Let me illustrate with two hypothetical applications.
You hire me to write a billing application for your consulting firm. You give me the list of all your employees and their hourly billing rates. You also give me last year’s data, including the number of hours each consultant worked for each client account and the bills you generated.
I do my development and come back to you later and say “I’ve finished the application and testing shows it computes the correct amount for 90% of the bills”. What do you say? You say,
- You’re not done yet
- You’re not getting paid yet
- Get back to work
This is a classic “procedural era” application. We all expect — and demand — 100% correct answers for procedural era applications.
Now let’s change the requirements a little bit. Sometimes you give discounts and sometimes you give freebies. You do this because it makes clients happy — and happy clients are important to your business. Sometimes you do this for your largest clients, because they bring you so much business. Sometimes you do this for clients that are considering big orders, because you want to show how much you value them. Sometimes you do this for “friends & family” clients, because increasing their happiness increases your own happiness.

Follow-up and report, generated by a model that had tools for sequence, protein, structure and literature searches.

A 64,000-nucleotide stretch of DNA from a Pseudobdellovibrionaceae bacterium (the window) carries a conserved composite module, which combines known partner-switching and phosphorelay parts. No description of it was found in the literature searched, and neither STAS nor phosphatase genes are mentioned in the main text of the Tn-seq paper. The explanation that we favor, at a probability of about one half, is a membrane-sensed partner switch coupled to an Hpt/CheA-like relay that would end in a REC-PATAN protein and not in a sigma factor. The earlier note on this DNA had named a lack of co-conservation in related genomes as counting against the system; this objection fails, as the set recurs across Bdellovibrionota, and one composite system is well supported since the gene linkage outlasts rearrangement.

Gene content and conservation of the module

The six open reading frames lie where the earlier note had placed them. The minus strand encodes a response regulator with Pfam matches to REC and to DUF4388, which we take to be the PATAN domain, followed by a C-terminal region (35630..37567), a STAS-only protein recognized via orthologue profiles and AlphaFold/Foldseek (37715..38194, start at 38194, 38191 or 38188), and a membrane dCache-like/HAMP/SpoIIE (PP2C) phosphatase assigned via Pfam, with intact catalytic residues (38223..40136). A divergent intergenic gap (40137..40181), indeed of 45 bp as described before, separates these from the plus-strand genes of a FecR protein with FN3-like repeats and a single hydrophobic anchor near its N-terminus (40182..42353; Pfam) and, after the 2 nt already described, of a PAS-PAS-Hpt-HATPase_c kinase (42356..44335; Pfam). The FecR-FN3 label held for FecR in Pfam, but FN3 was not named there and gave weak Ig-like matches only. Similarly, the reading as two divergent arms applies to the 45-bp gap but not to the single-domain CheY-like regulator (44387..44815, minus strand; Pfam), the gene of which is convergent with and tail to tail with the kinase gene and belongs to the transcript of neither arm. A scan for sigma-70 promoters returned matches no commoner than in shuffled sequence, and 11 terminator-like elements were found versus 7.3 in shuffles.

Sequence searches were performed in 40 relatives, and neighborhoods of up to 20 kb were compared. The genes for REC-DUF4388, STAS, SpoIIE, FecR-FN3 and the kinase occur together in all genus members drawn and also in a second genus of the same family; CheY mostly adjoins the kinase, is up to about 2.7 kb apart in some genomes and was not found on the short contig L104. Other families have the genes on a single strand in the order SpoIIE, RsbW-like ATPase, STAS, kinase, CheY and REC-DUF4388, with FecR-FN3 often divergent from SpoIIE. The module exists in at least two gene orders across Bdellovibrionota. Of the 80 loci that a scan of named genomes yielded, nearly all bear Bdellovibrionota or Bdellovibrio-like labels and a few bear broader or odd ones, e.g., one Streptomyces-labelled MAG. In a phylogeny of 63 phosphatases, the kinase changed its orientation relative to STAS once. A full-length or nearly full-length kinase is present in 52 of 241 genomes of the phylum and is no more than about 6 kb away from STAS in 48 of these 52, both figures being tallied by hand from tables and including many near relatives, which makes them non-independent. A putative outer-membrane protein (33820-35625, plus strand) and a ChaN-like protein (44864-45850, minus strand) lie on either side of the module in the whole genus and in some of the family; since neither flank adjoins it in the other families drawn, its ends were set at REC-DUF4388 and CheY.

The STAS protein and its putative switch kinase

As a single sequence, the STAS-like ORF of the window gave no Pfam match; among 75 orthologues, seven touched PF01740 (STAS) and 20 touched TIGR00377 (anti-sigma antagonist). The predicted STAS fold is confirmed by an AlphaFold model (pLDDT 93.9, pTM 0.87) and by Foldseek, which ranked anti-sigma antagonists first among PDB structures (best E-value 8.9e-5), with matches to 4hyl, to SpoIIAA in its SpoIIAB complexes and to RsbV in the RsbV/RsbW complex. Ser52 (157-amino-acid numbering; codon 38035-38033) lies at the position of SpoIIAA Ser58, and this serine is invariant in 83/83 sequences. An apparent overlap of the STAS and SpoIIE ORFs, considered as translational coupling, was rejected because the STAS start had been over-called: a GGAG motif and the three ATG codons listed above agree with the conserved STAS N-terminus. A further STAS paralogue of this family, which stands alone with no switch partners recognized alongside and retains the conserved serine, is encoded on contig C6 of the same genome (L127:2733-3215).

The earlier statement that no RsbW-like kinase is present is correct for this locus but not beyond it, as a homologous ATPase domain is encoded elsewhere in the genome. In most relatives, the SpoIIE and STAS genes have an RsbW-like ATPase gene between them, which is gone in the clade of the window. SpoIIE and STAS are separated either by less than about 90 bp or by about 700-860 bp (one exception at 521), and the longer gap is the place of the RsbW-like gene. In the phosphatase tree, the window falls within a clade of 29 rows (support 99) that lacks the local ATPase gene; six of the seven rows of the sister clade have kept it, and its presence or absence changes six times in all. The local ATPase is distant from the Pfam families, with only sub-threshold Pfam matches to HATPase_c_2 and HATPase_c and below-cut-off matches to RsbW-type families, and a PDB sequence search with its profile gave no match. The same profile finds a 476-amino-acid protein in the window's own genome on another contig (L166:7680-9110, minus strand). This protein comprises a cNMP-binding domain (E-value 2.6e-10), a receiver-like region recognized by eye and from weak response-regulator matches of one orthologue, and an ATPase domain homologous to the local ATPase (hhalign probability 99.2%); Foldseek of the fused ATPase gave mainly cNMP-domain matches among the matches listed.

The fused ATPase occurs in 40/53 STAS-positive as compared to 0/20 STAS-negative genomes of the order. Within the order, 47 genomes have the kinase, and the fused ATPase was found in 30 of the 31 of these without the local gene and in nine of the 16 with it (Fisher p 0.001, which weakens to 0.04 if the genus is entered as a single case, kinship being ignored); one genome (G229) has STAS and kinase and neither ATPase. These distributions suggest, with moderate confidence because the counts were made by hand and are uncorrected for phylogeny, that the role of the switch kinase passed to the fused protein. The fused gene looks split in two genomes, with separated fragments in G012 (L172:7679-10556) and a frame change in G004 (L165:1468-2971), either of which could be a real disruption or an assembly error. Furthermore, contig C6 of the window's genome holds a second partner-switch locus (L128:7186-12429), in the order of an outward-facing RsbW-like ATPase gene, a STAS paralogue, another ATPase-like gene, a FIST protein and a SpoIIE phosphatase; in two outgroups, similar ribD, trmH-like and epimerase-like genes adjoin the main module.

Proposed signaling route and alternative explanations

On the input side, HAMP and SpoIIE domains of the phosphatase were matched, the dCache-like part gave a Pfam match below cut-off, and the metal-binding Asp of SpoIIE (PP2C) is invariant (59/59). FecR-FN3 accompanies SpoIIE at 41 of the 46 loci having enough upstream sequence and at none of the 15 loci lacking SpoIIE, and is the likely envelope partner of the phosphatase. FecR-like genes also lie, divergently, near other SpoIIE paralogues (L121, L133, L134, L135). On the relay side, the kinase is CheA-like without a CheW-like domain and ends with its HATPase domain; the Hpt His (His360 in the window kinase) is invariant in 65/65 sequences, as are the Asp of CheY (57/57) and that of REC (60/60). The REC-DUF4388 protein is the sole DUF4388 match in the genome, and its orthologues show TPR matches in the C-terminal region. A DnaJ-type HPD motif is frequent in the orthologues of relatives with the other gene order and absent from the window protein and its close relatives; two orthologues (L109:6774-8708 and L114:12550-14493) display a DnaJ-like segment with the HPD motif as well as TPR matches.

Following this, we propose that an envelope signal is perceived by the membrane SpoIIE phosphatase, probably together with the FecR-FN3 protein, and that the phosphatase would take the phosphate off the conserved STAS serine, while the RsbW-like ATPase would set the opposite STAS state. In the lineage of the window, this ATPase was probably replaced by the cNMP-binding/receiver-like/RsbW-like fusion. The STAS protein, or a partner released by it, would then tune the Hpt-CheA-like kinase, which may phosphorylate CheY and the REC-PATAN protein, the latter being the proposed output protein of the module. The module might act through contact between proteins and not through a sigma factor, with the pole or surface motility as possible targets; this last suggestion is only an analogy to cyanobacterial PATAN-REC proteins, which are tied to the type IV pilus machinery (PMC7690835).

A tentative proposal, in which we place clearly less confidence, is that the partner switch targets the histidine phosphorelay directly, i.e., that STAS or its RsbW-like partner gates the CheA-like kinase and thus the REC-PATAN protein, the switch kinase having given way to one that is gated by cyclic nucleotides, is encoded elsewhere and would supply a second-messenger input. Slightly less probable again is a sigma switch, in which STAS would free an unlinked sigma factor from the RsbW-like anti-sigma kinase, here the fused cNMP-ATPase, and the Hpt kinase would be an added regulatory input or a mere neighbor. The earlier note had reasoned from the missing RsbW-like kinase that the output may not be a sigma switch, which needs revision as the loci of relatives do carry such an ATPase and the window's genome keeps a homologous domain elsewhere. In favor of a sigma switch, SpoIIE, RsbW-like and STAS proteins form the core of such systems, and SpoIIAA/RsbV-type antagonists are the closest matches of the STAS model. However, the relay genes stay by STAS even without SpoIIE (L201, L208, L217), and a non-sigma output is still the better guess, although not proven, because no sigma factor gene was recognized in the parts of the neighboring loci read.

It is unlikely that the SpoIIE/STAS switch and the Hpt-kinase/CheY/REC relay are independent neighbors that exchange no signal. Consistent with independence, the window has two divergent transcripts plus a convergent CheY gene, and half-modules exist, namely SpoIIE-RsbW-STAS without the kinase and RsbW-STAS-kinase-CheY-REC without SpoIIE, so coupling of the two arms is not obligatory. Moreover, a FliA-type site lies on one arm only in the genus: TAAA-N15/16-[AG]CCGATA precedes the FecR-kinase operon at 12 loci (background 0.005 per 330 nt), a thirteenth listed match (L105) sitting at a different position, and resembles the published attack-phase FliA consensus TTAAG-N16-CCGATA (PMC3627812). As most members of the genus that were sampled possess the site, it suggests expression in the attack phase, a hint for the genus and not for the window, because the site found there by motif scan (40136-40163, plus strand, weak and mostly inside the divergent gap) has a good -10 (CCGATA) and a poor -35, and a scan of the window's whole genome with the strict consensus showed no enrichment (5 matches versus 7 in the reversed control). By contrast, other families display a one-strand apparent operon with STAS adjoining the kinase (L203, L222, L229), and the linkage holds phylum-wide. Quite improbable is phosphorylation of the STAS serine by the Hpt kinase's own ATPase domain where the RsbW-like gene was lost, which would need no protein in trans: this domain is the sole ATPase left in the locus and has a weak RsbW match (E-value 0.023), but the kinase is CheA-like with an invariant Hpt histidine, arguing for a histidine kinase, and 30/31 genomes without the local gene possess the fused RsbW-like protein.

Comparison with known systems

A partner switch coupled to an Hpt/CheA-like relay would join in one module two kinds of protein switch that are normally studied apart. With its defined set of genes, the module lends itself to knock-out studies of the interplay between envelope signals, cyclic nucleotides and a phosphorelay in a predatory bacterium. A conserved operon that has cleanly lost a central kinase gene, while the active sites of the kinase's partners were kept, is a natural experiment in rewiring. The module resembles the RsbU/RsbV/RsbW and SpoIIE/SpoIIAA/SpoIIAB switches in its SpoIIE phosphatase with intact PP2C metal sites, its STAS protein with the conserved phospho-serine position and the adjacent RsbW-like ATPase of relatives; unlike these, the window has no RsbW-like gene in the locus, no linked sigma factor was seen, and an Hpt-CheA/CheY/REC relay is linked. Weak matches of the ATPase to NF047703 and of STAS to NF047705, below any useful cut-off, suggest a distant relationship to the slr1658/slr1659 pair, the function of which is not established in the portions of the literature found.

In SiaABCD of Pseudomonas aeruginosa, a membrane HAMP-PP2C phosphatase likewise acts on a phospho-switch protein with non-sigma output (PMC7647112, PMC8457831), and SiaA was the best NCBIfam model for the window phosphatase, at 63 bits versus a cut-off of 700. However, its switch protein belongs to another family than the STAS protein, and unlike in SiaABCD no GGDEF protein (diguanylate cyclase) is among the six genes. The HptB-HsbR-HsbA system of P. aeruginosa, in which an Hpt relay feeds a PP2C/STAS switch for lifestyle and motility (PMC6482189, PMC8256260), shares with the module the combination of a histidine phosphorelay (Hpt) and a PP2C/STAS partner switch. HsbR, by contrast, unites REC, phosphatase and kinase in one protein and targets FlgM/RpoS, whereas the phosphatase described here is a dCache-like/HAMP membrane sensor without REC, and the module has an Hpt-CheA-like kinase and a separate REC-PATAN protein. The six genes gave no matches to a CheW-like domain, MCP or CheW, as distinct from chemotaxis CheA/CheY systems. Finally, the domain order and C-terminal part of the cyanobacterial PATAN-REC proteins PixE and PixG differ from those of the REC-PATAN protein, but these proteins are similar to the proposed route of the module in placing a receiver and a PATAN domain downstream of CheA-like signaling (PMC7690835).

Again, you give me the bills for the last year. And again, I do my development and come back to you and say “I’ve finished the application and testing shows it computes the correct amount for 90% of the bills”. What do you say this time? You say
- This is fabulous
- Here’s a bonus for such a high accuracy rate
- I’ve got this other program I’d like you to write for me.
Why such a different response between these two similar applications?
This is a classic “cognitive era” application. There’s no obvious formula for how to make clients happy. An expectation for 100% correct answers is completely unrealistic. For some medical diagnoses, even expert physicians only agree with each other about 85% of the time, so how can we ever even think a computer program can be correct 100% of the time.
The example illustrates that we must change our mindset as we move into the cognitive era. While a few application achieve NEAR (but not exactly) 100% accuracy (e.g. hand-writing digit classification), many successful cognitive era applications achieve well below 90% accuracy. 70% and 80% accuracy is the best we’ve been able to achieve.
Perfection is simply not a realistic goal in the cognitive era.
That’s why we say cognitive applications are PROBABILISTIC.
|Scott N. Gerard|